The as-prepared Ga2O3 nanowires on Si substrate were coated with ~2-nm Au film through an ion coater Eiko-IB-3 (Vacuum: 0.2 Torr, electricity current: 6 mA for 10 s), and then annealed at 1,000°C for 30 min under the high-purity Ar gas surrounding. After annealing, Au particles formed from the congregation of Au film were well arranged on the side surface of the Ga2O3 nanowires, and they act as the secondary catalysts guiding the teeth growth.
Then, one gram of ZnO and active carbon powders (molar ratio 1:2) was put in an alumina boat placed at the center of an alumina tube. The Ga2O3 nanowires with the Au nanoparticles on its side were placed downstream at a distance of 4 cm. Before heating, a carrying gas (100 sccm Ar) was introduced into the tube for about 30 min. Under the constant flow of Ar, the furnace was rapidly raised to 850°C in 10 min and kept at this temperature for 10 min. After reaction, white products on the Si substrate were obtained.
The as-prepared samples were characterized using an X-ray diffraction (XRD, Philips X’pert PRO) with Cu Kα radiation, field-emission scanning electron microscopy (FE-SEM, Sirion 200), high-resolution transmission electron microscopy (HRTEM, JEOL-2010), and photoluminescence (PL) spectrometer (JY Fluogolog-3-TAU, Xe lamp) at room temperature.
Results and Discussion
In recent reports, Ga2O3 nanowires are employed to synthesis ZnGa2O4 nanowires through high temperature reaction with ZnO vapor [16, 21]. Inspired by this, here in this paper, Ga2O3 nanowires were used as templates for the growth of ZnGa2O4 nanocombs. Catalyst induced growth is well known as a powerful method to control the growth of 1-D nanostructures. In order to guide the growth of the teeth of nanocombs, Au nanoparticles are introduced in our experiment. A thin layer of Au was deposited on the surface of as-grown Ga2O3 nanowires. After annealed at 1,000°C for 30 min, Au layer congregate into nanoparticles. As shown in Fig. 1c, Au nanoparticles arrange regularly on the side surface of Ga2O3 nanowires, which may derive from the difference of surface energy of Ga2O3 crystal planes. Orderly arrange of Au nanoparticles on the specific plane of Ga2O3 nanowire may have low energy and remain stable. This phenomenon is used to obtain the controlled growth of the teeth of ZnGa2O4 nanocombs. In addition, the annealing process is very important to get comb-like Ga2O3 nanostructures. We will discuss in the following.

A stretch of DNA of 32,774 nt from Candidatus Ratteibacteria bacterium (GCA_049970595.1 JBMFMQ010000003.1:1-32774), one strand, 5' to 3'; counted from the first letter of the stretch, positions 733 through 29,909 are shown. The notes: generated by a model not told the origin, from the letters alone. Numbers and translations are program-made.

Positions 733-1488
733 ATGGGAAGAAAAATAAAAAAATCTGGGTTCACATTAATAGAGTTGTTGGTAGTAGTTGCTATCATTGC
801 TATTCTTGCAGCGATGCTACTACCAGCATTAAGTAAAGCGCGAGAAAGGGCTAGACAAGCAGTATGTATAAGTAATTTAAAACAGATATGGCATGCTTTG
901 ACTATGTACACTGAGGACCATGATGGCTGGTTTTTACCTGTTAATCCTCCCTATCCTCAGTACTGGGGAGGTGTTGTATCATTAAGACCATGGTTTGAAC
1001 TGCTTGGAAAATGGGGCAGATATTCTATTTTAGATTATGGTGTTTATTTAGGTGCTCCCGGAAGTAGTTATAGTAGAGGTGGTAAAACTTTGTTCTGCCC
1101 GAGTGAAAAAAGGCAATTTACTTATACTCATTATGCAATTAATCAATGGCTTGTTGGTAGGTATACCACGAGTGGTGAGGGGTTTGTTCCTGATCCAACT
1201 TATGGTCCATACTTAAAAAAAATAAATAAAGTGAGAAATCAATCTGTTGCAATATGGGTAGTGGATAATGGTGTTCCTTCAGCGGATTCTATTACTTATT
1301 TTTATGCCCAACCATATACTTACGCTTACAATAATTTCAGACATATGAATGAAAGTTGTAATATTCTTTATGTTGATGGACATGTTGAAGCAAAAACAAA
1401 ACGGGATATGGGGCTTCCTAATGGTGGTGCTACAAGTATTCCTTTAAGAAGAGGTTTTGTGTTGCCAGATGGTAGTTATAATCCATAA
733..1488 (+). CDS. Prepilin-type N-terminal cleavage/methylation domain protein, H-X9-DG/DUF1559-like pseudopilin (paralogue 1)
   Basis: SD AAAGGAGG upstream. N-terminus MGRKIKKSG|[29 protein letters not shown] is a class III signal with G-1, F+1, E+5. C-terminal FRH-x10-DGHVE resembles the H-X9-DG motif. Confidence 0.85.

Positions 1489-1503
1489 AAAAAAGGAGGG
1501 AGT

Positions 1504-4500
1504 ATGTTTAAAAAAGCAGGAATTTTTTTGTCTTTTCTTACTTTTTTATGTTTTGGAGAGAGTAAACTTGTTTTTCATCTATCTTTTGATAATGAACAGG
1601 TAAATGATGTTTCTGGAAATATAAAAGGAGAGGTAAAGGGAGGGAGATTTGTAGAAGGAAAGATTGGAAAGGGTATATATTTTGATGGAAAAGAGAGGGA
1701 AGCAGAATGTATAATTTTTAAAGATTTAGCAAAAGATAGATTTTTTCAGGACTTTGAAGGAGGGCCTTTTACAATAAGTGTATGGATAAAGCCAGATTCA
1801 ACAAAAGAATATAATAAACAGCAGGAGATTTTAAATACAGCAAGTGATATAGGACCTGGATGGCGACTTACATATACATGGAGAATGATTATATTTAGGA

In summary, we present an easy route to synthesize comb-like ZnGa2O4 nanostructures in a controllable way. The Ga2O3 nanowires were used as templates for the following growth of comb-like ZnGa2O4 nanostructures through the reaction with Zn and/or ZnOx vapor at high temperature. By annealing Ga2O3 nanowires coated with a thin layer of Au film at high temperature, the congregation of Au particles from Au film is the key to the formation of ZnGa2O4 nanoteeth via VLS mechanism. PL spectra for ZnGa2O4 nanocombs show a broad band emission in the visible light region from 400 to 575 nm at room temperature. This method can be easily applied to hierarchical nanostructure growth of other materials to enrich the family of low dimensional nanobuilding blocks and may find potential applications in nanotechnology.
This work was supported by the National Natural Science Foundation of China (No.50671099, 50172048, 10374090 and 10274085), the Ministry of Science and Technology of China (No.2005CB623603), and the Hundred Talent Program of Chinese Academy of Sciences.